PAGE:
Lord McNally: My Lords, in some of his replies today the Minister has fallen into the trap of suggesting

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that those who question this course of action are somehow willing to leave dangerous criminals loose on our streets. That is the danger of such a populist approach. As the Minister quotes one authority, perhaps I may quote Jeremy Coid of the St. Bartholomew's and the Royal London School of Medicine, who warns that the public should have no illusions about the "inexact science" of risk assessment of people with mental disorder. It is misleading for Ministers to pretend that they are doing something dramatic to make our streets safer when they are going down a very dangerous road in terms of civil liberties.

Lord Williams of Mostyn: My Lords, it is wiser to read the document which concentrates on civil rights issues, in particular in the context of Article 5 of the European Convention on Human Rights. It refers to a process of appeal and to authority to detain being subject to regular independent review. That has nothing to do with populism. If the noble Lord levels that reproach against me for having a degree of responsibility in this matter, I wonder how I am expected to answer the relatives of those who may be murdered. That is a perfectly legitimate, and serious, question.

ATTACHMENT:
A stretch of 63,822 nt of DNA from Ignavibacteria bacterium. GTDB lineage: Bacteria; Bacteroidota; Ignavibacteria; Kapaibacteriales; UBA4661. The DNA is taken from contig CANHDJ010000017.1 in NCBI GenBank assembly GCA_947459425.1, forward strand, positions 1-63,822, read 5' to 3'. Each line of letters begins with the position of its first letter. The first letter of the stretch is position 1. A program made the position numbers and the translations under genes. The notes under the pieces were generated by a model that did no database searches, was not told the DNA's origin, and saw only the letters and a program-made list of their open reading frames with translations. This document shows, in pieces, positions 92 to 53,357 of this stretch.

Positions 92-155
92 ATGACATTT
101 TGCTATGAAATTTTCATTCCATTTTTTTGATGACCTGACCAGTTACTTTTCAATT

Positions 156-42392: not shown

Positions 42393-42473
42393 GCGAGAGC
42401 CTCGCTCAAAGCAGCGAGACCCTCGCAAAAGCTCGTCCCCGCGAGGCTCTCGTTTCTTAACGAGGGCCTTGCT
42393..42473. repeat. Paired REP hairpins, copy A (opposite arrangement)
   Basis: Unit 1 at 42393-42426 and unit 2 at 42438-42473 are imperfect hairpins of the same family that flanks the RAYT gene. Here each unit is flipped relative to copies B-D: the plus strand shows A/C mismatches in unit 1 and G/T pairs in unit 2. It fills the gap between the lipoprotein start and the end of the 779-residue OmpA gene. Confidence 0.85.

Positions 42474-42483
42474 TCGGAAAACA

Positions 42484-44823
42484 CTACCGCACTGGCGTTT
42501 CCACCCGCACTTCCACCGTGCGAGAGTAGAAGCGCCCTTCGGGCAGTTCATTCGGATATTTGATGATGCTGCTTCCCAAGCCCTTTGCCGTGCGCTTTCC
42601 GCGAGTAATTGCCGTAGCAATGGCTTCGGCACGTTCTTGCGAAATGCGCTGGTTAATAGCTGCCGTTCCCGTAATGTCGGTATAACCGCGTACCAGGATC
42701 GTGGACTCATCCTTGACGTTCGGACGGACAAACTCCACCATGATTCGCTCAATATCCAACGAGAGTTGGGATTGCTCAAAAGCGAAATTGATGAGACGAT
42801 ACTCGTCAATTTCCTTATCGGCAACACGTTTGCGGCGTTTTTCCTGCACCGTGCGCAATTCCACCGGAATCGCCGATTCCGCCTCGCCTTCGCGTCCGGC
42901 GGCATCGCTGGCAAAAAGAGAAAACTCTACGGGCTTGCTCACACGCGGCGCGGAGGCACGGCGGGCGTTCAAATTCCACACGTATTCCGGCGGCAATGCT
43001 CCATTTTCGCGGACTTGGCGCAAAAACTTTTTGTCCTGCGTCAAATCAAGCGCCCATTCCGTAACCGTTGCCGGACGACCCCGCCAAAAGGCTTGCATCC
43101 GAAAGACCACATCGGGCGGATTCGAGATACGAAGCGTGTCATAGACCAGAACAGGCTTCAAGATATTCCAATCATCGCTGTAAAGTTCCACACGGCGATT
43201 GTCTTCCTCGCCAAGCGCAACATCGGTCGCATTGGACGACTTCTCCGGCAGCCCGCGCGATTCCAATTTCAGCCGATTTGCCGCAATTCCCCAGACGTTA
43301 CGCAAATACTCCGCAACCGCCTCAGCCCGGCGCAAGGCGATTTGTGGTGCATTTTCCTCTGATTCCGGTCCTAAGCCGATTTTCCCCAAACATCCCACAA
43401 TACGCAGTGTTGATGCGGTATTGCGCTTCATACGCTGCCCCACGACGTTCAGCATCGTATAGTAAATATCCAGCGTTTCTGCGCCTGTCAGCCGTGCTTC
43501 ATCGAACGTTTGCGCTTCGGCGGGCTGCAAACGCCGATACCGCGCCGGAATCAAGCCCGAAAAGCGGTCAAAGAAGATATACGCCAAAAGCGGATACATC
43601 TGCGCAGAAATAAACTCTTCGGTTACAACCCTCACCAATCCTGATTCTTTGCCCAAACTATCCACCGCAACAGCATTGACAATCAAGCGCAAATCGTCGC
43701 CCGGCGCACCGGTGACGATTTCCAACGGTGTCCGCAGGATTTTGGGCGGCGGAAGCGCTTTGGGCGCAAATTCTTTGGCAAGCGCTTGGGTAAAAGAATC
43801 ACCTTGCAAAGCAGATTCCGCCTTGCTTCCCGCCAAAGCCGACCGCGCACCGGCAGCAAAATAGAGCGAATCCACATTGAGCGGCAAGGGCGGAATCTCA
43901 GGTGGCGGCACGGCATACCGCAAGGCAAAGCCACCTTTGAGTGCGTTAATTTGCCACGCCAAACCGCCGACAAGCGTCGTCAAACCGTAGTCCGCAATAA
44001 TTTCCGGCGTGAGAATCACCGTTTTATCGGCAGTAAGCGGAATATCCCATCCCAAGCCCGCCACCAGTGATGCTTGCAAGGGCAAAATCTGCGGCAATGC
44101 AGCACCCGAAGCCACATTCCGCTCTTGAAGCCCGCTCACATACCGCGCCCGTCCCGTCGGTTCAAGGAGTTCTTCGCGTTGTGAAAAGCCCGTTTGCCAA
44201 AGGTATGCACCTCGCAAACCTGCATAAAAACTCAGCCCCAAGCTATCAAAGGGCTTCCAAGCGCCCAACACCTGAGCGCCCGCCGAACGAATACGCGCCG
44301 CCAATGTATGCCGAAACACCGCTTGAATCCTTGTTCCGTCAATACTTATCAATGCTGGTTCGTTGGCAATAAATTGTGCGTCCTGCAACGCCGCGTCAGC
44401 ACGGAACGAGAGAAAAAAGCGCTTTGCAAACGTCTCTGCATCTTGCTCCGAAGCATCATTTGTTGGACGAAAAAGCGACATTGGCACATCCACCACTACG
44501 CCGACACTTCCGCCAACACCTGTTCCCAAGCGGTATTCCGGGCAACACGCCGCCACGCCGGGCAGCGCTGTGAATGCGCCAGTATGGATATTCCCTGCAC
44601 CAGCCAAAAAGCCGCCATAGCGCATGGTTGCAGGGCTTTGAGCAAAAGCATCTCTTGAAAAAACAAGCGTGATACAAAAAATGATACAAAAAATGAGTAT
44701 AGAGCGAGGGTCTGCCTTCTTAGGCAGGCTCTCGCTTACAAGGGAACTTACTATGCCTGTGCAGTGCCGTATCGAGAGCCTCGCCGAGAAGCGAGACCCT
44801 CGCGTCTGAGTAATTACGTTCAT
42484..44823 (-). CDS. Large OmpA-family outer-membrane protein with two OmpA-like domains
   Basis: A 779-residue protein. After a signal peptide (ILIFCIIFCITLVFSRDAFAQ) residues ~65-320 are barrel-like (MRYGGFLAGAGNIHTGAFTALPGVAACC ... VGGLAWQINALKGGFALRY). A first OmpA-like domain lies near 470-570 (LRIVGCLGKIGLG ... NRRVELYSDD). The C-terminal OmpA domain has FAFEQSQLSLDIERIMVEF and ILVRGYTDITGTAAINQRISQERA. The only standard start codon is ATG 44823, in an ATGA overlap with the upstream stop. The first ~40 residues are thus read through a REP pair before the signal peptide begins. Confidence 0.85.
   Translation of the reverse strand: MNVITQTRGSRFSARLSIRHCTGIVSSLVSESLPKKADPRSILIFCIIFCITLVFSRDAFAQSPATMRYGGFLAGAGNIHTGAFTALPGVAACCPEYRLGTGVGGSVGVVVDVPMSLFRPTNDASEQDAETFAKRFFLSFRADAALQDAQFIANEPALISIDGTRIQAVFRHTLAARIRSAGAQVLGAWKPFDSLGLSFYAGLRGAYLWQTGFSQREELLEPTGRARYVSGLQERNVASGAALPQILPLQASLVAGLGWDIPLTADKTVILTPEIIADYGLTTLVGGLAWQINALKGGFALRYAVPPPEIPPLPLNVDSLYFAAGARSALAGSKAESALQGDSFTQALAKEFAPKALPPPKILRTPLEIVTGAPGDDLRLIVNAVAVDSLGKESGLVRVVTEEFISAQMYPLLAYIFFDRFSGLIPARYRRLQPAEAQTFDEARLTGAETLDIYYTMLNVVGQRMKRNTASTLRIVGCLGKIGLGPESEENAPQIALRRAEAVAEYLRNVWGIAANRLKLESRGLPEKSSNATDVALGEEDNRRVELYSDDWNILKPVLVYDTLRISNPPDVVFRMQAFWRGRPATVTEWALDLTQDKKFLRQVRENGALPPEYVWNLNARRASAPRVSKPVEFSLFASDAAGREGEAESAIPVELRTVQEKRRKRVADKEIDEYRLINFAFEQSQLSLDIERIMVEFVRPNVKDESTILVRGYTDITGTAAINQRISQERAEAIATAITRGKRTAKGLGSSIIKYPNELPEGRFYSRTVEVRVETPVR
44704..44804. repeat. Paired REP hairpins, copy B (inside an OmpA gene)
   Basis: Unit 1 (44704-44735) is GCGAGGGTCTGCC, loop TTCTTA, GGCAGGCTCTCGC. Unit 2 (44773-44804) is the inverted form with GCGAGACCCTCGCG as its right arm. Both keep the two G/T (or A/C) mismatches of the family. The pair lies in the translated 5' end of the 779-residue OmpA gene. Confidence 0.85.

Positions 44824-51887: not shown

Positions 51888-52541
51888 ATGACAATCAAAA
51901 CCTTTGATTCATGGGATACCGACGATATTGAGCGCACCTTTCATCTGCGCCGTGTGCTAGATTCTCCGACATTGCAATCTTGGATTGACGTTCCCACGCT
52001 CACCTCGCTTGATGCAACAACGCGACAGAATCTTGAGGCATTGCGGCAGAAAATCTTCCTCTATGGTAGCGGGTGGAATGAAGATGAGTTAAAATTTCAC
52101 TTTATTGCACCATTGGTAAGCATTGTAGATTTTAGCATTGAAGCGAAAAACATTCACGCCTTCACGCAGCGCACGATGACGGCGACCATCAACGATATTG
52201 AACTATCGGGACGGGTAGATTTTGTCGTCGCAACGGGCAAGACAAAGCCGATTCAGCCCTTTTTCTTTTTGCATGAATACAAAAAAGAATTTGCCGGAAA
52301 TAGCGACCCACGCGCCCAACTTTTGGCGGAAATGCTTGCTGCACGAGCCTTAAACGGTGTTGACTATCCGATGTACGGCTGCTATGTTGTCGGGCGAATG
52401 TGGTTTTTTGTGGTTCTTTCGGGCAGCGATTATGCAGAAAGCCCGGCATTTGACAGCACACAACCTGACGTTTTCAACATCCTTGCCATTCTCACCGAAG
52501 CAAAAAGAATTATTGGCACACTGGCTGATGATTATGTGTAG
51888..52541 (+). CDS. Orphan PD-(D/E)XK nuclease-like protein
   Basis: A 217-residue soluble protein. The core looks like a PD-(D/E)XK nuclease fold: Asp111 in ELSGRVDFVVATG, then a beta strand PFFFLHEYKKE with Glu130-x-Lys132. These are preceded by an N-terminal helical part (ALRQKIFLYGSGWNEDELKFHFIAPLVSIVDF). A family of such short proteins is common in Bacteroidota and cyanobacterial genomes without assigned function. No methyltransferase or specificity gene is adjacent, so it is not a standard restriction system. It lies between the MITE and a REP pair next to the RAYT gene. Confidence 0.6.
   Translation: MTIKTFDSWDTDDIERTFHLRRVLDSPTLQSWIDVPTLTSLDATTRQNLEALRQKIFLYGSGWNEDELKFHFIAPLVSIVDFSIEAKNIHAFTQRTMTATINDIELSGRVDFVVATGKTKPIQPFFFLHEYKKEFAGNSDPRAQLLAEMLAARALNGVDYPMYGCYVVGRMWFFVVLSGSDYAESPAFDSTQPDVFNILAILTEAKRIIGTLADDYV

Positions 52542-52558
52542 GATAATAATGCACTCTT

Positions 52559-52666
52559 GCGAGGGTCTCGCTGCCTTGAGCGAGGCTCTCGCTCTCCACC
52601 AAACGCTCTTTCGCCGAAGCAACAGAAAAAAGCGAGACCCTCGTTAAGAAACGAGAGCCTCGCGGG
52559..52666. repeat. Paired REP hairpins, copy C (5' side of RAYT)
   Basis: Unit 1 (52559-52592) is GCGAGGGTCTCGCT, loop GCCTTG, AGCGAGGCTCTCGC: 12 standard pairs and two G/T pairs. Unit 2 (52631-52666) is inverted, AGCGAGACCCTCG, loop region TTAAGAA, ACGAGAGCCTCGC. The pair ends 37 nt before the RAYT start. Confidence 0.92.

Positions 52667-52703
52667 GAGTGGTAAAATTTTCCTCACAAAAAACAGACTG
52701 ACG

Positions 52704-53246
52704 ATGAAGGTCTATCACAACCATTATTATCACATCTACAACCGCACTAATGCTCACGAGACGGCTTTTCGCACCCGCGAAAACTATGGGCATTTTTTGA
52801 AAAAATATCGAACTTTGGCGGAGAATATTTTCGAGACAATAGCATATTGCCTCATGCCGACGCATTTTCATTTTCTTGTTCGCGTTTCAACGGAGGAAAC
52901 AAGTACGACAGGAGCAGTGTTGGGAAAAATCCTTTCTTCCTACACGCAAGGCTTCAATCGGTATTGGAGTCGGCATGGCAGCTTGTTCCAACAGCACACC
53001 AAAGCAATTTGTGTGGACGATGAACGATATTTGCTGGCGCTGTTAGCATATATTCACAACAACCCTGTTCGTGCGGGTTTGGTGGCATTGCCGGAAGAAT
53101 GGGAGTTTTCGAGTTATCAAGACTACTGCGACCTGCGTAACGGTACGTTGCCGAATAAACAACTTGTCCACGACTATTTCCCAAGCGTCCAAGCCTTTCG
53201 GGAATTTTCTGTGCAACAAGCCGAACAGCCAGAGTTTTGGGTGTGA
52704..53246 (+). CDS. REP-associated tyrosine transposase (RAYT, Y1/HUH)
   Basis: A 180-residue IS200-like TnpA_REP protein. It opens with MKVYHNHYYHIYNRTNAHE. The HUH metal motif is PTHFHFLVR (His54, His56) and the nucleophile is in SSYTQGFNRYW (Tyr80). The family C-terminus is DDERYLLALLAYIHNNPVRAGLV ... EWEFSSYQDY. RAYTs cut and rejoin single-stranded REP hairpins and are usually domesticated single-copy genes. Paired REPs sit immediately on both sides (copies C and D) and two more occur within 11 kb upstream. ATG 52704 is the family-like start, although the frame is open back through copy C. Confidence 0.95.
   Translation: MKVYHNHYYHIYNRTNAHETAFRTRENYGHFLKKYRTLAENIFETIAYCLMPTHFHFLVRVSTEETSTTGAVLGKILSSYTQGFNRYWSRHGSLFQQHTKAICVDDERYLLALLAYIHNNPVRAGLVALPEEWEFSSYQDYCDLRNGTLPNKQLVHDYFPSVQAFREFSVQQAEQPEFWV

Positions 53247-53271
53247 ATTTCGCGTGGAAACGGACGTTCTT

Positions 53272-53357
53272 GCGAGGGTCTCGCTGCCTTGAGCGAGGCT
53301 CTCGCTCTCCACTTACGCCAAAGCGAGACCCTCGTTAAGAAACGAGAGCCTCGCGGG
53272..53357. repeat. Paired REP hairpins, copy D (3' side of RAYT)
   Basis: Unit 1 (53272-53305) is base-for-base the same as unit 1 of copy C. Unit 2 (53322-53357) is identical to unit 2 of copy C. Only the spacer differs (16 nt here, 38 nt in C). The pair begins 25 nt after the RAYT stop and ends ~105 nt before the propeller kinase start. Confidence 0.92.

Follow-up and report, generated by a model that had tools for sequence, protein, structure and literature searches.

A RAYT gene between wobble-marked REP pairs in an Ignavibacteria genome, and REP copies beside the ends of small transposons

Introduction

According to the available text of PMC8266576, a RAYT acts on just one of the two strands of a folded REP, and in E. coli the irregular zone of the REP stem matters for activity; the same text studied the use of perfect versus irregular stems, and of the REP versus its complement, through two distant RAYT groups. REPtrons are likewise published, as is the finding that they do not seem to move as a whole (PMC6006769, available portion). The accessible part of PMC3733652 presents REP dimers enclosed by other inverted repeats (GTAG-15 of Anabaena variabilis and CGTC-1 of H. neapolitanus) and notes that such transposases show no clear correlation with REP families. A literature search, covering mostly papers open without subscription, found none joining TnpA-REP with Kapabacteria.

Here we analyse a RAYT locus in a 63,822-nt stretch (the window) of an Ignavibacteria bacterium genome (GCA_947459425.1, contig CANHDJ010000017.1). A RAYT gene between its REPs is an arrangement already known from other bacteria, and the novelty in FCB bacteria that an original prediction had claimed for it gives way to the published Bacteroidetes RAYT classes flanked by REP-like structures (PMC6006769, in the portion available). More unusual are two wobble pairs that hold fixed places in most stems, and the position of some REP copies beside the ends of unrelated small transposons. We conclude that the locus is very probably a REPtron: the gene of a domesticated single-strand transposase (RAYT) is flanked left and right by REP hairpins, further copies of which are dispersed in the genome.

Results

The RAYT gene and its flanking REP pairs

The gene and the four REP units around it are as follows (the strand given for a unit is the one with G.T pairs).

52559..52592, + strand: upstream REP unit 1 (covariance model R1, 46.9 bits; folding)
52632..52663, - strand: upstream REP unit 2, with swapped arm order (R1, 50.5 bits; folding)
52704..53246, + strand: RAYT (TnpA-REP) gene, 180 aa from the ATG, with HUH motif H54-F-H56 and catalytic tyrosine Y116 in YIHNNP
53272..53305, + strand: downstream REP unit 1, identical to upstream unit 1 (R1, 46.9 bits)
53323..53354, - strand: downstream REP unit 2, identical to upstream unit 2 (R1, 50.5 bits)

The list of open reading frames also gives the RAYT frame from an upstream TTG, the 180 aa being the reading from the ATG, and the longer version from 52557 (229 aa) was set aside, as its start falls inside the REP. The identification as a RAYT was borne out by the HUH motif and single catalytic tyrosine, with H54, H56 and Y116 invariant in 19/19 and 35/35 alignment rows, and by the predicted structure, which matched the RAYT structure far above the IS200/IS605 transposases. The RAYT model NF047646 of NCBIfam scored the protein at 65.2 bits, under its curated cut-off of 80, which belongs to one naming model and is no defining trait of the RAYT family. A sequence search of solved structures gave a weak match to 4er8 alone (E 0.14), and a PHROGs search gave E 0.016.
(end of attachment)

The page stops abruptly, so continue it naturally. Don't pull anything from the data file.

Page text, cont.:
Procedure of the House: Select Committee Third Report

3.46 p.m.

The Chairman of Committees (Lord Boston of Faversham): My Lords, I beg to move that the Third Report from the Select Committee (HL Paper 81) be agreed to. The Third Report of the Procedure Committee makes proposals for two new Standing Orders to give effect to what we have come to know as the Weatherill amendment. The first proposed new Standing Order relates to the election of 90 hereditary Peers who are to stay on in the House. Two other hereditary Peers are also to stay on in the House; namely, the two great officeholders of state: the Earl Marshal and the Lord Great Chamberlain. But those two Peers are to be Members of the House ex officio, as it were, and are not to be elected.